Blue Hills Beckon

Welcome to "Blue Hills Beckon", basically a custard of technology, nature, and me.

Dear readers. This is a guest post by "Bill Hawthorne" who runs, a noble site dedicated to a nobler cause.

Green Living: Improving Health Today and Tomorrow

Much attention has been paid in recent years to what seems to be a growing environmental conscience in the United States. Going green used to be considered expensive and a luxury for those who could afford the trend. Now it appears that we are learning that not only is adopting more environmentally conscious attitudes good for our economic situation, but also our….health? Yes, if we dig a bit deeper we can see that dirty industries and backwards policy is actually harming the health of the earth for our children and the health of her inhabitants today.

How Does Environmental Policy Affect Public Health?

There are two levels of health consequences associated with dirty industry, both direct and indirect. The direct consequences are examples like increased asthma rates in areas with high smog indices. Chlorofluorocarbon release into the atmosphere has shown to decrease the filter of direct sunlight on the planet, resulting in more concentrated ultraviolet light reaching the surface of the earth. Perhaps it is no surprise then that in countries with depleted atmospheric gas, skin cancer rates are among the highest in the world.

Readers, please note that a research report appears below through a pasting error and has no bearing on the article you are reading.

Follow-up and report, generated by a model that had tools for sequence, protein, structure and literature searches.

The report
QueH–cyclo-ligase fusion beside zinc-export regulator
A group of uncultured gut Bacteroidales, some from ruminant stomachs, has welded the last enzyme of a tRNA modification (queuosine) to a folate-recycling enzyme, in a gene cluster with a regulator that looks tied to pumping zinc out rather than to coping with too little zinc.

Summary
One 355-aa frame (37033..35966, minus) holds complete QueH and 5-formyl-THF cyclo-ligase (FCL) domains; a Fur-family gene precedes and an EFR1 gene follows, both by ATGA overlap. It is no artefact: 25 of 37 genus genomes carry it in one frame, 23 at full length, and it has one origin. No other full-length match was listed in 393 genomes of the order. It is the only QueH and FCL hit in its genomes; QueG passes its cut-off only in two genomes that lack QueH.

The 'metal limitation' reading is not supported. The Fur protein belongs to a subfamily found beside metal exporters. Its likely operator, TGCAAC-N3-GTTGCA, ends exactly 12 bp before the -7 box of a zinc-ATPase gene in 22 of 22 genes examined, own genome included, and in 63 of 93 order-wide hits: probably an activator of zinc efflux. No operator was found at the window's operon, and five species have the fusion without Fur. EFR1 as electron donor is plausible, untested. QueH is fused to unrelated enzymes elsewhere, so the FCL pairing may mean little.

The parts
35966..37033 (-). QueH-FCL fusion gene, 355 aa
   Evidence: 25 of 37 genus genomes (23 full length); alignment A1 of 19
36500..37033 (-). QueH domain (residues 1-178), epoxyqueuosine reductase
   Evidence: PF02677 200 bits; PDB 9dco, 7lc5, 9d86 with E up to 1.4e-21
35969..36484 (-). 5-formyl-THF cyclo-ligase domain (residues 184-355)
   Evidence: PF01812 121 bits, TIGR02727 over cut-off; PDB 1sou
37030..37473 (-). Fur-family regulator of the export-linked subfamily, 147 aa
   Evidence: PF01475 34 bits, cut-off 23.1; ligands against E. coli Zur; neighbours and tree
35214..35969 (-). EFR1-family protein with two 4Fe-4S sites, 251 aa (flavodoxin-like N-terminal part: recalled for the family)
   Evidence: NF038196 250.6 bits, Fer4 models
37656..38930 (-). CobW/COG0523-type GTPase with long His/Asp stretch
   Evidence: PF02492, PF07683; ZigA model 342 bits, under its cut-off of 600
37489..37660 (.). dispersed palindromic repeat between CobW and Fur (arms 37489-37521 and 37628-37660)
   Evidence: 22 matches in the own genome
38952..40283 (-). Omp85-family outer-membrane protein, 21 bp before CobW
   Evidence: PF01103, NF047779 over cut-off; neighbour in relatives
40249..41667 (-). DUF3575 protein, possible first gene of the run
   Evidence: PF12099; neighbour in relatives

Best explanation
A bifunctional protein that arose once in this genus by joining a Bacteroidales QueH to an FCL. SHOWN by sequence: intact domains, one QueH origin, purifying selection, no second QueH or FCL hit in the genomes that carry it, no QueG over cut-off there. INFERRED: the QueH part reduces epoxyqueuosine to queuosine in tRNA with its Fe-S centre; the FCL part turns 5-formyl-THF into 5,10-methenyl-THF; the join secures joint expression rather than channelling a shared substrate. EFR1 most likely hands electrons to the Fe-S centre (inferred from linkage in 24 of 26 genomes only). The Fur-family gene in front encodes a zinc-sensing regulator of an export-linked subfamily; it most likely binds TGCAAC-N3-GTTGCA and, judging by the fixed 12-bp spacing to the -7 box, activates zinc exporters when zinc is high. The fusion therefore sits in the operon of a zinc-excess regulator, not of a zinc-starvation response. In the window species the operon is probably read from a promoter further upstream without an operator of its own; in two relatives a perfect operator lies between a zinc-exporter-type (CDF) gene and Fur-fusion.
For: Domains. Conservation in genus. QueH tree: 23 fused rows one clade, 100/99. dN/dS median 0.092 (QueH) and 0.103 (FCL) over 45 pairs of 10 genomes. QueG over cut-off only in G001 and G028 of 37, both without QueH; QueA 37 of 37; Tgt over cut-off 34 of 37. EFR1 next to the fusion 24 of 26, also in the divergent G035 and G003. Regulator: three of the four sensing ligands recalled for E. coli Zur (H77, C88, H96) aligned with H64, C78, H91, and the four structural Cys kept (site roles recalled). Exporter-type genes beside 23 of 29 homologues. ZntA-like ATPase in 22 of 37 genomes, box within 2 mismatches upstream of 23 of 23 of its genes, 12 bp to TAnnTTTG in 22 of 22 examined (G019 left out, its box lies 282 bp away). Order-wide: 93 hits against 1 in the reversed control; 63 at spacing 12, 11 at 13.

The indirect health consequences are harder to see immediately, but closer examination reveals that these are, in fact, perhaps the most hazardous. Bi-products of dirty and backwards industries, such as coal and oil processing, include cancer causing substances like asbestos and benzene. A U.K. study conducted in 2002 indicated that coal and oil industry workers are at a much higher risk of developing Peritoneal mesothelioma (associated with asbestos exposure) and leukemia (traced to benzene and heavy-metal exposure). Dr. Valerie Rusch among many other doctors who specialize in this area understand that these are substances that can be directly traced to antiquated pre-regulation equipment in industries whose environmental hazards are even more inherent.

Can we really afford to continue on the path we were on before? Investment in clean industry means not a healthier planet for our children and grandchildren, but also a healthier place for us to live today.

--June 30, 2009 Written by Bill Hawthorne with the maacenter


Interesting thoughts...but I have to wonder why our life expectancy continues to increase? Before the industrial revolution our life expectancy was much shorter than it is now and our life expectancy is continuing to increase...I also know that we have come a long way in cleaning up the environment from the turn of the century and even just from the 1950's to the 1970's. Our air quality is better than in the 1970's as is the water quality.

My husband spent many years as an environmental test engineer actually climbing smoke stacks (primarily at coal, oil, and natural gas power-stations) measuring the amount of pollution emitted and those numbers continue to fall as technologies advance.

Just as an FYI...what you see coming from the stack in that image is not smoke it is only steam.

^I know Life Expectancy is increasing. That has reasons like better medicines and medical facilities as one. And slowly, people are realizing the folly of junk food and unhealthy items and are moving away from them. In short, out lifestyle is changing and thankfully for the better.

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